Moving pictures: the Nazareno crowd

An estimated three million people were present during the overnight vigil and procession at Quirino Grandstand and Quiapo Church – around three percent of the country’s population.

Text and photos by Beata Carolino

There has, so far, been no study which correlates the attendance in the Jan. 9 Feast of the Black Nazarene to the actual living conditions in the country.

An estimated three million people were present during the overnight vigil and procession at Quirino Grandstand and Quiapo Church – around three percent of the country’s population.

The Black Nazarene is over 200 years old. A statue given as a gift by the Spaniards in 1606, it is said to have been brought by a Mexican priest aboard a ship which caught fire. The statue turned dark, but otherwise remained in good condition. People since believed that the Black Nazarene performs miracles to those who are able to touch it, thus it has been revered by many since 1787.

The scene from below was this: families lined up, most of them sleeping on the grounds of Quirino Grandstand in Manila. A few had tents and blankets, a lot had food to sell, and many others built shrines to house Black Nazarene replicas which they brought from their homes. Children ran along the narrow spaces between rows of sleeping bags and banigs at 12 midnight until dawn.

Some hundred meters away stood the stage where a program was ongoing. Priests were reciting homilies about the importance of prayer and faith, which were welcomed by only a few ears.

White and green fences divided this rather “peaceful” section of the attendees to the ones in front. There were entrances at both sides of the stage to host the line of people who patiently and unshakingly waited for their turn to have a glimpse of the Poon – a line which extended to Roxas Boulevard until Luneta Park.

Devotees also flocked around the many Black Nazarene replicas near the stage, throwing towels at the children who wiped them — a practice done for more luck, said one devotee. In this section, as well, were many of the so-called “legitimate” devotees of the Black Nazarene. They were only a few hundred, and were clad in uniforms per group and were barefoot. They called themselves the Hijos del Nazareno – “frontliners” who did the actual salubong – the protectors of the Black Nazarene.

Onstage, people rejoiced at the thought of finally approaching the Poon. The elderly who were too weak to line up talked to some members of the Hijos to allow them to touch the relic. There were infants—some looked like they were born just the day before—as well. There were children. There were students still clad in their high school uniforms.

And finally: the Black Nazarene’s cross and foot, which everyone anticipated to touch. After hours and kilometres of lining up, they were allowed only a few seconds to spend with the Poon.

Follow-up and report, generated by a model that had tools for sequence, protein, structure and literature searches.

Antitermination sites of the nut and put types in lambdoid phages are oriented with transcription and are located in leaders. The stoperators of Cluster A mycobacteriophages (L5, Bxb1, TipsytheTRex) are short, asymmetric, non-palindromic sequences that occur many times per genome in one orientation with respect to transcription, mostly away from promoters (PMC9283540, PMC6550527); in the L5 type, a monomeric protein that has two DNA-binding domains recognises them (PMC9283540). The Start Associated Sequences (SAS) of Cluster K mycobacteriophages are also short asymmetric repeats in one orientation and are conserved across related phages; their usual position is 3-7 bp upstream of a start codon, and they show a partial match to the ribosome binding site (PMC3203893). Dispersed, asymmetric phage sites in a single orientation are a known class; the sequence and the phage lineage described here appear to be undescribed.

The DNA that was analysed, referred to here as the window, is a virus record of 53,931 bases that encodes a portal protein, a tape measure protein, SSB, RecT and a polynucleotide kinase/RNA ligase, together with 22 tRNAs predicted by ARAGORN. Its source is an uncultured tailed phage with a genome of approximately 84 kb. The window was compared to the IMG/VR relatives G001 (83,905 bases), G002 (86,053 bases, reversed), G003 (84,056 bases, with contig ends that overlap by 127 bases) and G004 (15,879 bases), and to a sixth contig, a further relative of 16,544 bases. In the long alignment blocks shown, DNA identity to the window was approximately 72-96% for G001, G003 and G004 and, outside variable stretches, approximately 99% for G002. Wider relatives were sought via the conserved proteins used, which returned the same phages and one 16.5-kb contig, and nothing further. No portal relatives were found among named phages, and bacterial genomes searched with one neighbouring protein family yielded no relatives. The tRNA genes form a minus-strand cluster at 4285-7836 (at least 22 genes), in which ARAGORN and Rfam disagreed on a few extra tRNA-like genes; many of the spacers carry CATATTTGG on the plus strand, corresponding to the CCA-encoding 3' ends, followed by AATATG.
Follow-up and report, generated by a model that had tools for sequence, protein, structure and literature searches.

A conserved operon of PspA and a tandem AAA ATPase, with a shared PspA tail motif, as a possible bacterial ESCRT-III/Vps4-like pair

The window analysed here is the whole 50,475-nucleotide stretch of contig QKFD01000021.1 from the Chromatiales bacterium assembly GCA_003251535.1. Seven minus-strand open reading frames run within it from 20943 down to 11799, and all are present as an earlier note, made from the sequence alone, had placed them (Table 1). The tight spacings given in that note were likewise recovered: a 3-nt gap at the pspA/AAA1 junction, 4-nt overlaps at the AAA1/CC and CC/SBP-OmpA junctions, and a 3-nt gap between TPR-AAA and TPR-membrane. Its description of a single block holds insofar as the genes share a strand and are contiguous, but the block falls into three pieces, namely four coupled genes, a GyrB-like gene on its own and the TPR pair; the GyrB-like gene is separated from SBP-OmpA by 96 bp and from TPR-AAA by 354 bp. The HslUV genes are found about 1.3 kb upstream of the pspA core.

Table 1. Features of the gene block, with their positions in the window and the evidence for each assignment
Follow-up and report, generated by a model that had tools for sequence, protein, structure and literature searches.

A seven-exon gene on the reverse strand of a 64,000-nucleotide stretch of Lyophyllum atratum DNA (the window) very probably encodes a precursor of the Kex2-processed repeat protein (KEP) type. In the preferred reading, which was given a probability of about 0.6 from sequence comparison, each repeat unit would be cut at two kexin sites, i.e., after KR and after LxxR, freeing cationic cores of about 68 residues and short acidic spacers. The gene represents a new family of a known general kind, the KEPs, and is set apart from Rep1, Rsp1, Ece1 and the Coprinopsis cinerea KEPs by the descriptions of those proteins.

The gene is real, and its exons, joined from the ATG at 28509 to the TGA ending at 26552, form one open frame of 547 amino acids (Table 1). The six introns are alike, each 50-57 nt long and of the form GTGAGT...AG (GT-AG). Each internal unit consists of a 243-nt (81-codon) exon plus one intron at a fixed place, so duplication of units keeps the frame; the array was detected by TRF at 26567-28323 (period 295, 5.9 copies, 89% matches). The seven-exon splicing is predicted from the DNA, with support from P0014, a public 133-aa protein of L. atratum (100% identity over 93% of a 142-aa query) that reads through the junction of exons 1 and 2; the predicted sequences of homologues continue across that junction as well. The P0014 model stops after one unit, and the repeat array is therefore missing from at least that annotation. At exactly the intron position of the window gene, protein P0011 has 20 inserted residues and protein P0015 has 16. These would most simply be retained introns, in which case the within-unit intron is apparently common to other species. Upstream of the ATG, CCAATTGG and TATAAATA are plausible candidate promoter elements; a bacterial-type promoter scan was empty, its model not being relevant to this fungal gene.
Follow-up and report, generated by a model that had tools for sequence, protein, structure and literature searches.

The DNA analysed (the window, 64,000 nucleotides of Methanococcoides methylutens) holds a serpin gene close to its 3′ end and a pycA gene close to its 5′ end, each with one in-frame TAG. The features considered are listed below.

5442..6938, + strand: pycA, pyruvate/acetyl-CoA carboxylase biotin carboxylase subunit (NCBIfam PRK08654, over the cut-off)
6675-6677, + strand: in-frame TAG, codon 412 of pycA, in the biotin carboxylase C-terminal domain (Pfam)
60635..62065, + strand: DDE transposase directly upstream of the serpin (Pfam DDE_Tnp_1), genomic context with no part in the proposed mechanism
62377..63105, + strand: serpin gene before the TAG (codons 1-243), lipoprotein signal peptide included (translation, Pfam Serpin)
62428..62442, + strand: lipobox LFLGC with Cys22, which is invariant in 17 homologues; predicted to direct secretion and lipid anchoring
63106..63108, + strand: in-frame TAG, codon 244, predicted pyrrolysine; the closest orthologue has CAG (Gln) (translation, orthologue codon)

There were at least two protectors that regulated the crowd which swarmed Jesus’ image. Children were carried to kiss the foot. Some carried tens of towels to wipe by the Poon’s foot, which they will bring to their families at home. Some wheelchairs users were even carried just so they could touch the image.

Many of them cried right after and refused to leave, which caused a commotion.

“Bilisan po natin, marami pa pong gustong humawak sa Poon. Wala sa tagal iyan—nasa dasal! (Let’s make it fast; other people also want to touch the Poon. It’s not about the length of time (you touch), it’s in your prayers!), yelled one of the protectors.

The view from atop the grandstand was spectacular. To the right was Archbishop Luis Antonio Tagle celebrating the holy mass, prior to which he made the devotees promise that they would finish it, to which they replied to him a resounding “Viva! Viva!”

To the left were many of the uniformed devotees fueled by their burning intent to come closer to the Poon. But the line which led to the foot of the cross was cut short to make way for the mass, which angered the group. They reeled at the three rows of protectors who guarded the fences with their lives, alongside policemen and military.

In a few moments, their will won over the strength of the barriers as they stormed their way into the stage. Archbishop Tagle began singing The Lord’s Prayer and the Nazareno’s hymn to try to calm the mob, but to no avail. The crowd surged towards the Poon, ignoring the archbishop’s plea.

How could they calm down? It was that moment for them: that moment where they were all together, strong enough and willing enough in trying to catch a glimpse of the spectacle. After all, it meant only a touch, long hours of suffocation and a few kilometres of endurance to feel the spark of even a little prosperity, to have a chance to cure a disease, or to be protected from disasters.

They were willing to go through even the sharp criticisms of those who weren’t there, those who say that their devotion is a false one because the devotees couldn’t even finish the mass or listen to the bishop’s words, all for the sake of touching the image of Jesus in his sorrow, in his darkest. For in that way, they thought, they might have even a little hope closer to the light.

Year 2021 marks the 500th year of Catholicism in the country. The prayers during the time of the Spaniards stands the same today: calling for salvation from the present, the end of oppression, and the triumph of the weak.

The heavens has been hearing the same desperate cries for centuries. Given the years that have passed, it’s a wonder why the very same picture of oppression remains.

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Author: TNP

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